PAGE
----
I'm fairly sure the men in charge of the county purse-strings will balance their financial books for the most part. Obviously there's a talent/cost trade-off, etc, etc.
 

wpdavid

International Coach
Richard said:
I'm not so sure about that - if someone's good enough to play for England, they'll come through.
However, the odd supposedly "second-rate" (AKA "not quite international standard") overseas player doesn't do any harm IMO, quite the opposite in fact.
But once you start getting that many of them, the costs escalate dramatically and soon spiral out of control.
The odd overseas player doesn't bother me - it's the sheer weight of numbers we began to see last season that I'm unhappy about. Theortically the genuinely good players should still come through, but if, say, the quick bowling slots are taken up by a combination of a good experienced English player, an overseas pro and a Kolpak guy, it's not going to happen, and you can see youngsters leaving the game. And yes, you're dead right about the money which could be better used else where.

And how good are these players anyway? Some pull their weight, but I thought there was a lot of wasted money last season, judging by the performances of a lot of the imports.
 

Richard

Cricket Web Staff Member
There most certainly is a hell of a lot of wasted money.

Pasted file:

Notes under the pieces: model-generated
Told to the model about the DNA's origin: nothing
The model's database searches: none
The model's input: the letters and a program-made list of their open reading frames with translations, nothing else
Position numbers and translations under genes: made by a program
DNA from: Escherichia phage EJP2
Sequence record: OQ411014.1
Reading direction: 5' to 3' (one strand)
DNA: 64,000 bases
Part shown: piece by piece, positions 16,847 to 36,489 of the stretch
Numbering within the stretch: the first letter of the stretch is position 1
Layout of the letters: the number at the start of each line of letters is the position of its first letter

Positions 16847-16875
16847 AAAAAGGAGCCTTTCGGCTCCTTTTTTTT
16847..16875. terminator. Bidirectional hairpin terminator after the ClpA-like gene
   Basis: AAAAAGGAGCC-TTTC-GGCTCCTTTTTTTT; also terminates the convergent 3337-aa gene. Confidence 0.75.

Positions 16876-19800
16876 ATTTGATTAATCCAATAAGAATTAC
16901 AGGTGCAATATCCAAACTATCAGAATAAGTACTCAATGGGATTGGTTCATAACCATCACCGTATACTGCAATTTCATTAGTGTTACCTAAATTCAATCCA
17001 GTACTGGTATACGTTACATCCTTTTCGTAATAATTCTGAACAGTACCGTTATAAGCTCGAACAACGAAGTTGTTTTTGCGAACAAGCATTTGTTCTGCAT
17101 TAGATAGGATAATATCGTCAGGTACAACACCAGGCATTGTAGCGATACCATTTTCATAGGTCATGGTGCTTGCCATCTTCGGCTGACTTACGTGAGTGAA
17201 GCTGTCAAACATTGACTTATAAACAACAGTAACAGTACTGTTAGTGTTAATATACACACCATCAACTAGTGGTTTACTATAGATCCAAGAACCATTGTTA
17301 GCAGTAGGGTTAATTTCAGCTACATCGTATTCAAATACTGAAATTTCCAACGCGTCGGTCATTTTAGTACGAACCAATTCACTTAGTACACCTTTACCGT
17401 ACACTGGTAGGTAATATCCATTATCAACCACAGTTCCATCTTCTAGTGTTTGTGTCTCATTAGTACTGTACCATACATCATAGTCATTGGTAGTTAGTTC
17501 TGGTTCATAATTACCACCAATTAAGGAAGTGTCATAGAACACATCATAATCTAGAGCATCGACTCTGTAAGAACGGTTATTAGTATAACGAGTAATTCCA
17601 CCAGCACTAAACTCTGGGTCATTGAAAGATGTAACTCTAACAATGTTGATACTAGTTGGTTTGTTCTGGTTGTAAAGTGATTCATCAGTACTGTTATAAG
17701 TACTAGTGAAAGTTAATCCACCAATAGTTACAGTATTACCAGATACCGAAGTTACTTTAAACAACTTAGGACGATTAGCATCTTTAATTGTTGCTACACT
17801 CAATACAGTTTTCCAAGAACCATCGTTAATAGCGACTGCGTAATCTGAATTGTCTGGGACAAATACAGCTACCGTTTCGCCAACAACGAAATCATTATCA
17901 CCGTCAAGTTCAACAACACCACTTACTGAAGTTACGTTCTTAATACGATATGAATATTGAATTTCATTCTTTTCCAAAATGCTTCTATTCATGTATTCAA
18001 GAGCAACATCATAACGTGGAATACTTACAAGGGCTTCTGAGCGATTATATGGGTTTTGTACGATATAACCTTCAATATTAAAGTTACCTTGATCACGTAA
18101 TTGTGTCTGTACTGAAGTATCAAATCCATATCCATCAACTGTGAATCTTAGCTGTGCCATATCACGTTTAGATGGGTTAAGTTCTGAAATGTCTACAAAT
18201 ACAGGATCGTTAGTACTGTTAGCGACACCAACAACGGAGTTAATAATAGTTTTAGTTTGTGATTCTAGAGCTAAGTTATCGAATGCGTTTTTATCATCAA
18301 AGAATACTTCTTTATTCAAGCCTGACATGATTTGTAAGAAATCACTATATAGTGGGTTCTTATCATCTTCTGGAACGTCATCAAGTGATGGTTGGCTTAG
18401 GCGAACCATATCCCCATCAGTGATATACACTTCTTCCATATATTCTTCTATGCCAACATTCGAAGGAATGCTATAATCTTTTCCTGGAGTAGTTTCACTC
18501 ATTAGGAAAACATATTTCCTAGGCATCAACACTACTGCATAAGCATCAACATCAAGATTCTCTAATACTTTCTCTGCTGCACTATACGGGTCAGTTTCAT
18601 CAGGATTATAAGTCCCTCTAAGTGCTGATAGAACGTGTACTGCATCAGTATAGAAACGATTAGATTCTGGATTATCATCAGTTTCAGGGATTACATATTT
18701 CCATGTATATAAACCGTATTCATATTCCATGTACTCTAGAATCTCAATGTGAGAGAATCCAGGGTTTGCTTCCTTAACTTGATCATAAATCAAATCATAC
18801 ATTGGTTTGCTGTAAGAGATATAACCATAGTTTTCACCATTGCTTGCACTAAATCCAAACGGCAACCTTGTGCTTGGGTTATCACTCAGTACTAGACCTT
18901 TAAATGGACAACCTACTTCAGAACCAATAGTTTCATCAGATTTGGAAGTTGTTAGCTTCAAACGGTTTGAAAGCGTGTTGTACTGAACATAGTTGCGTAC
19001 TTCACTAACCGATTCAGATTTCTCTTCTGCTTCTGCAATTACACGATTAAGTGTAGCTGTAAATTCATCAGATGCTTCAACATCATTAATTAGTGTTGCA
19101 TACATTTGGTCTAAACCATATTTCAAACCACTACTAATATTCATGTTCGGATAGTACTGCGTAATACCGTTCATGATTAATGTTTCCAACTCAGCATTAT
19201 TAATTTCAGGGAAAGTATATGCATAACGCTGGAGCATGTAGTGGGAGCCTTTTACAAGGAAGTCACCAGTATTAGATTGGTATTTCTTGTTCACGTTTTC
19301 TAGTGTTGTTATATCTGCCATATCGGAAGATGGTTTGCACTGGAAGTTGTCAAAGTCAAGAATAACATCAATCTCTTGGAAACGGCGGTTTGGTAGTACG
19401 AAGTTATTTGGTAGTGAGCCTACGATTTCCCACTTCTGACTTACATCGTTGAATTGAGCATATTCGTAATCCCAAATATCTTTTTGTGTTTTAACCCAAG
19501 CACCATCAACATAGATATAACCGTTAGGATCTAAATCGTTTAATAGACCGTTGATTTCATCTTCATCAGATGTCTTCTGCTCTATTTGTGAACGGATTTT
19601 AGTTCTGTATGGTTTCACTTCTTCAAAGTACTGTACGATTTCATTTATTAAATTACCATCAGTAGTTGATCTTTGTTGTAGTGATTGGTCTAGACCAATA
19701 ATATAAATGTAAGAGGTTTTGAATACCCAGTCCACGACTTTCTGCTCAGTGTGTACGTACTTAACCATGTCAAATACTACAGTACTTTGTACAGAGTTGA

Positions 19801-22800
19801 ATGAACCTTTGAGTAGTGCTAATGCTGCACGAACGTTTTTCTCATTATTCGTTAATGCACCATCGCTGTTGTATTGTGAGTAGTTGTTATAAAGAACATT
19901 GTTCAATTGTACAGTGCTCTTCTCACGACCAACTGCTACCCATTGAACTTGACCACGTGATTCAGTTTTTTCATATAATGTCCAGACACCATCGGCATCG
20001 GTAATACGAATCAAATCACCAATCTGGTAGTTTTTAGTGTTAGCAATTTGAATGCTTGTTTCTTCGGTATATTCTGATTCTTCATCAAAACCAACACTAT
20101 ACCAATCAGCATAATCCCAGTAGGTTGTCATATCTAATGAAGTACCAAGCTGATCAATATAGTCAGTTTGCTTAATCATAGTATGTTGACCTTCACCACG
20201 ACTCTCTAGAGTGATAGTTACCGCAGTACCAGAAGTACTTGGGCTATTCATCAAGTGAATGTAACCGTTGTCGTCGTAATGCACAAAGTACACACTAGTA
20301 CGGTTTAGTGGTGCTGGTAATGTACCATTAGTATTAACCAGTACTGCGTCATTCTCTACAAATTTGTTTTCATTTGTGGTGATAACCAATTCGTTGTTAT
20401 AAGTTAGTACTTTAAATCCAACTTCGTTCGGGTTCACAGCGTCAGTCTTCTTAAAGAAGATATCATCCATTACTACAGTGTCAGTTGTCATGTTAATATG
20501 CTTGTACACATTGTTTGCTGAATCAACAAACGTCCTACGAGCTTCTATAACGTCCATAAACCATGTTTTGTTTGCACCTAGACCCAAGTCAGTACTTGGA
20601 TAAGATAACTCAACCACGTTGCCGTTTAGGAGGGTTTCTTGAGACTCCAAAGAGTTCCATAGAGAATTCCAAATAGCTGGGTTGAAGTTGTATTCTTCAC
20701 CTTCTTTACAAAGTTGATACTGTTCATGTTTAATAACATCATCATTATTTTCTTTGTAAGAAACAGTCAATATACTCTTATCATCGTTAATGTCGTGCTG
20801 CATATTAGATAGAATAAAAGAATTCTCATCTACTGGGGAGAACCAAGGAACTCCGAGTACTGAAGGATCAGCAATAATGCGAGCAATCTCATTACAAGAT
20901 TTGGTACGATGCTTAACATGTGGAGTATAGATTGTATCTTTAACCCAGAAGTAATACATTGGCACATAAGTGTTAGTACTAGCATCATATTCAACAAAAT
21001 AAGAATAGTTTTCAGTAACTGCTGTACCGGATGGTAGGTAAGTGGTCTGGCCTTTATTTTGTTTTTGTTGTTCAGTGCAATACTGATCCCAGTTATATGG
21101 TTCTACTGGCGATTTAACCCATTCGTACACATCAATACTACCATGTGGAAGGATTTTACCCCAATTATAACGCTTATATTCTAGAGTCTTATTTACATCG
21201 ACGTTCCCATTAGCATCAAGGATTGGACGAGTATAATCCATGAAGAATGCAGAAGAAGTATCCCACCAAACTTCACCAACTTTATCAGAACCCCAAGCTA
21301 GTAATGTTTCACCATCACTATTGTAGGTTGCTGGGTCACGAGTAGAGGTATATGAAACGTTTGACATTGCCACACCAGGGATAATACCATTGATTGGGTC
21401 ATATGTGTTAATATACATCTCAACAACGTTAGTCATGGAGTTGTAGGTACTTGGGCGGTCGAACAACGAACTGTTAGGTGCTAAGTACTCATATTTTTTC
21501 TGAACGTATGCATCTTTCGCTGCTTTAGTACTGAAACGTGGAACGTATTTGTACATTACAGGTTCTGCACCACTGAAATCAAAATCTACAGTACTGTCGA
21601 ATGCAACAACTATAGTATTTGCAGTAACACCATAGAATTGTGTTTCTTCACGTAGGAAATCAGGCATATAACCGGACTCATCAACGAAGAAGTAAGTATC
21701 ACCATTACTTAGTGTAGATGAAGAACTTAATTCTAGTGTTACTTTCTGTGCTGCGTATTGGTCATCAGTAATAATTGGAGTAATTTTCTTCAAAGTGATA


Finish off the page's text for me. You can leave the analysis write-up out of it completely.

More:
Neil Pickup said:
I'm fairly sure the men in charge of the county purse-strings will balance their financial books for the most part.
And you see, I'm really not sure about that either.
You just have to read some of the stories about companies going bankrupt to realise that short-termism is one of the biggest dangers of today's business World.
 

brockley

International Captain
A few eu/kolpak players sacked from last year harritty,mohumad ali,blignaut to name a few,and peter bowler retired.
 

Richard

Cricket Web Staff Member
Peter Bowler is 100% pure-blood English!
Not, of course, that being not so is a sin, but he never had loyalty to anything other than English cricket.
And a mighty fine player he was, too...
 

BoyBrumby

Englishman
One thing that perhaps someone can tell me, is are Kolpak players (subject to qualifying period) technically available for England? Or would counties be obliged to release them if they were selected for a tour that was concurrent with the county season?

I'd quite fancy Ray Price turning his arm over for England when Ash retires! :)
 

Richard

Cricket Web Staff Member
As far as I can see, they'd be like anyone else - as long as they serve ICC's residence qualification period, nothing that has happened previously matters in the slightest.
Basil D'Oliveira didn't have a drop of English blood in him - neither, as far as I'm aware, did Robin Smith, Allan Lamb et al, yet they became blood-brothers of anyone else who had the interests of English cricket at heart when they declared their intentions to play for England.
 

BoyBrumby

Englishman
What actually is the rule on representing countries?

I know players have to undergo the 4-year qualification period, regardless of holding British passports or not.
 

Richard

Cricket Web Staff Member
If you've lived solely in one country (ie any visa you have held in another country is a holiday visa only) for 4 years, you're qualified to play for them.
Simple as that AFAIK.
 

Langeveldt

Soutie
If these guys cannot play for England they are of little use in the county system.. Id rather watch an average English guy striving for the top than a SA/Zimbo who is just in it for the money.. And Hylton Ackermann makes no bones about that fact
 

Top